Party. In this era of minority Government, I have

progressively become frustrated

at thus stricture. After 1382 days in the chair, he's gone.

I go placidly, with my humour

in tact. I wish you all

well. APPLAUSE Order! No-one

side it seen it coming. Tony Abbott stepped up with the

first tribute. One of the

really superior speakers of this parliament this parliament has left the

Chair. And smelt a rat. One

must assume something

extraordinary is happening

inside the Labor Party at the

moment for the Speaker to

resign his office. A snap

Caucus meeting confirmed his hunch. Deputy speaker Peter

Slipper had defected from the

Coalition and won nomination to replace Mr

Jenkins. Have you in asked to

fill the Speaker's role? Mr

Slipper had been at war with

the LNP in Queensland muchths with his preselection

on the line. Labor had courted

him, even publicly. Kevin Rudd

paraded in his electorate just

last week. Operation Slipper

had been very carefully orchestrated indeed. The Labor

Party had spoken to him for

weeks. It was a covert

operation that also involved giving explanation to Harry Jenkins in

the event he had to step aside.

Tony Abbott says Mr Slipper

kept him in the dark. Did Mr Slipper give you any indication Slipper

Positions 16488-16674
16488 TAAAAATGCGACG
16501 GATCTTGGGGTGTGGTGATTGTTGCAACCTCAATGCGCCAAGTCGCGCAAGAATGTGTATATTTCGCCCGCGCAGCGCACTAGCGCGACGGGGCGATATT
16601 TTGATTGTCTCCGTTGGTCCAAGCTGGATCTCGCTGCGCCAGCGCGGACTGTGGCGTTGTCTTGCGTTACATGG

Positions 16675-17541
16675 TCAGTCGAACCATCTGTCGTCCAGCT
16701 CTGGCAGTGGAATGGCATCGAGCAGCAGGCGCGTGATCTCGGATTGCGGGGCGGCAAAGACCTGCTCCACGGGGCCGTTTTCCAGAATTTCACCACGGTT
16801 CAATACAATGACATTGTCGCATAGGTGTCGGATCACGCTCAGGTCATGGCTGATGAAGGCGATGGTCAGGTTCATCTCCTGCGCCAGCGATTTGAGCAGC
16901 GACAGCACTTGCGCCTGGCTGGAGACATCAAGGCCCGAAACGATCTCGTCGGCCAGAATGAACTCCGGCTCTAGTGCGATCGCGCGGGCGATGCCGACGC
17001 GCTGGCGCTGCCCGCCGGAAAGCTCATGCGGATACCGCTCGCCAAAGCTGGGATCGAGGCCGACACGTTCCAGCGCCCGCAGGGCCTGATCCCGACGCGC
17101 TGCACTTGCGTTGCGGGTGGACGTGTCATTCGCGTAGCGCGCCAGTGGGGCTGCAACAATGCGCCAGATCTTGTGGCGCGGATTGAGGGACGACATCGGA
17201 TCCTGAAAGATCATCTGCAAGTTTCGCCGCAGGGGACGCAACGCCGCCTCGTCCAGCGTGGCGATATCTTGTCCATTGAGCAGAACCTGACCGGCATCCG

he was in discussions in

relation to this issue? No.

The Coalition's inviting him to

become an Independent. No

member of the Coalition party

room should accept the Government's nomination for the

Speakership at this time and

that any member who did so

would henceforth be excluded from the party room membership. Tony Abbott says expected to resign party

the Government's in crisis.

It's still in minority but its

margin on the floor of the

House just increased by two.

Residents in WA's southwest are demanding

demanding answers after two

controlled burns got out of

hand. At least 20 houses have

been lost and about 200 people

were evacuated late last night,

sheltering in an emergency

centre. What were meant to be

strictly controlled burn-offs in the Ellensbrook and Prevelly

districts began to get away

from authorities on Monday and

by yesterday they'd joined to

form a fierce bushfire that's

destroyed or damaged two dozen

propts in Margaret River. Jake

Sturmer is on the line. Where

are you and what's the

situation there? Is I'm here

at the control point in